Wildlife Sightings 17 August 2017

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It is hard to believe but we are already at the end of the season. Only our gannets remain, huddled up on the Bass Rock with their large fluffy chicks. In a couple more weeks we will get to seem them fledge and begin life in the sea but this week we had another sighting that took the focus away from the gannets.

Last weekend, on the far side of the Bass Rock,  our boat team saw a minke whale. This whale has been seen in the forth over the last few weeks but is an excpetionally rare animal to spot. The whale was only a few metres from the boat and seemed perfectly content. The Firth of Forth is very shallow and generally unsuitable for whales. It is possible though that a single whale could live here but it is likely it will eventually make it’s way back out to sea.

Elsewhere we are continuing to see more and more of our peregrine falcons who are returning to Fidra more regulalry now that the seabirds are leaving. We have seen 3 different ones on the island, our original two have been joined by another juvenile female who we do not know much about.

The good news is we don’t have long to go until our grey seals arrive and start to breed!

Keep up-to-date with the wildlife action with our webcams.

Wildlife Sightings 10 August 2017

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There is less action now as the season draws to a close. The last of our kittiwakes are lingering on the Isle of May, Fidra and Dunbar with a few juveniles still being seen.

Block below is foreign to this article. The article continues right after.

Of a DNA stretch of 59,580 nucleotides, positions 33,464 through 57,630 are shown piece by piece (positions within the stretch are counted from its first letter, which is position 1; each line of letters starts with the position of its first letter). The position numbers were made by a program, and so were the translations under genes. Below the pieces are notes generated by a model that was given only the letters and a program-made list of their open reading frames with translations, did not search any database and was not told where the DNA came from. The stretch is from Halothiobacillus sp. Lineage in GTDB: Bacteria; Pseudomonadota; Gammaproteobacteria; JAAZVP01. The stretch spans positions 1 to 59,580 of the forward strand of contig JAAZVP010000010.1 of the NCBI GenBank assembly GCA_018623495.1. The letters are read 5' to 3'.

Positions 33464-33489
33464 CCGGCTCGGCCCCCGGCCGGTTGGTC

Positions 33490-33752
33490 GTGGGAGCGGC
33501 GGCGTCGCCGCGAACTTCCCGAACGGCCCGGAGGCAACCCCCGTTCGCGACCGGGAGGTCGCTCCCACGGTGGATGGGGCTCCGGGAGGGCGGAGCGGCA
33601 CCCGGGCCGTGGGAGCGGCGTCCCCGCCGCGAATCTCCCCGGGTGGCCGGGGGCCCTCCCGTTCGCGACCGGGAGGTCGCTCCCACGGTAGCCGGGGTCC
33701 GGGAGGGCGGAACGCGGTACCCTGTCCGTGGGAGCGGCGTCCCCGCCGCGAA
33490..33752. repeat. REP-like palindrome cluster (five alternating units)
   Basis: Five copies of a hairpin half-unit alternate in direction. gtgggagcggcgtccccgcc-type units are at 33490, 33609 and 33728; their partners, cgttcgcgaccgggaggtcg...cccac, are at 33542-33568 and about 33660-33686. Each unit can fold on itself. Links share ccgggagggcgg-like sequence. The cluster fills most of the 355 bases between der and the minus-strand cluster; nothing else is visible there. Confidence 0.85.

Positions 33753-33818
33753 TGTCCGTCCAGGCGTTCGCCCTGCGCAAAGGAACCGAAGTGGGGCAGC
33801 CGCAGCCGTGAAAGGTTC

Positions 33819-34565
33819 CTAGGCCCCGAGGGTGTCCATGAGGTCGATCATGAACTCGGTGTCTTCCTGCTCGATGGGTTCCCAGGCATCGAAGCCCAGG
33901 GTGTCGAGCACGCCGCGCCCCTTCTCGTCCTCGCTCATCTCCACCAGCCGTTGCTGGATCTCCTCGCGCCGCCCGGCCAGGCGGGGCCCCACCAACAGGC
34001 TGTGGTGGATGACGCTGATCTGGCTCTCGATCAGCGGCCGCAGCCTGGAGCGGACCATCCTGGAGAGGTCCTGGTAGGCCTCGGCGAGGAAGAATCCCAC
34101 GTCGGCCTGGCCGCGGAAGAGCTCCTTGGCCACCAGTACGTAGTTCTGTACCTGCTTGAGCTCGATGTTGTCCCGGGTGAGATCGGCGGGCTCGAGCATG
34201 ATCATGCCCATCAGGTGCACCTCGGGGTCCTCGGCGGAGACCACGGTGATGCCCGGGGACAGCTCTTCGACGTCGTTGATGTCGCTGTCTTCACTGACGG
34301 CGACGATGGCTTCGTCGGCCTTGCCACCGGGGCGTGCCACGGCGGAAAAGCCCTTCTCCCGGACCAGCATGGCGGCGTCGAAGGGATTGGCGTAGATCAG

Our fulmars on Fidra and the Isle of May are still doing well, the chicks are getting quite large but still fairly elusive, tending to hide away out of view from our cameras. We have not seen any puffins on the islands over the last few days but a few have been seen from our boat trips.

Our gannets are still flourishing with a vast number being seen diving all along the coastline this morning. It is very unusual to see them so close to the shore and in such huge numbers, stretching from the East beach all the way to Fidra. We have switched our Bass Rock cameras over in the Discovery Centre again and have managed to find some older chicks higher up the island. It is tricky to accurately age a chick but they appear to be around 8-9 weeks old and are beginning to gain their dark adult feathers. Typically it is around 13 weeks before they fledge.

A few lucky passengers managed to spot dolphins at the weekend. The morning boat trips saw them coming up from Tantallon and the later trips followed them from Lamb to Fidra. They were easily visible from the telescope deck on Saturday and Sunday. There is now an effort being made to identify the dolphins so we encourage anyone with photos to send them in so a ID catalogue can be made and we can work out where they go when they are not here.

Keep up-to-date with the wildlife action with our webcams.

Wildlife Sightings 3 August

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Well things are starting to quieten down now after a busy period.

Our puffins have been leaving this week and there are few, if any, left now. The majority will now be out in the Atlantic for the rest of the year before coming back here to breed next year. It won’t be long until researchers publish the details of puffin populations for this year but given some of the poor summer weather we’ve had the results are not expected to be particularly good this year.

The last of the kittiwakes are nearly gone too with just a few large juveniles left. The rock stacks around the Isle of May are now completely deserted of razorbills and guillemots. Even our shags are mostly away with only a few left.

On Craigleith we still have a lot of juvenile cormorants who appear to have formed a large social group. The sunshine is still resulting in a few grey seals hauling out to sunbathe on the shoreline which is always good to see.

Fidra doesn’t have many seabirds left so our peregrines are once again becoming easy to spot now that most of their favourite perches are empty. There are still a few fulmars  around that the peregrines are wary of as they are very territorial and protective of their chicks. Hopefully we will continue to see the peregrines through winter as we did last year.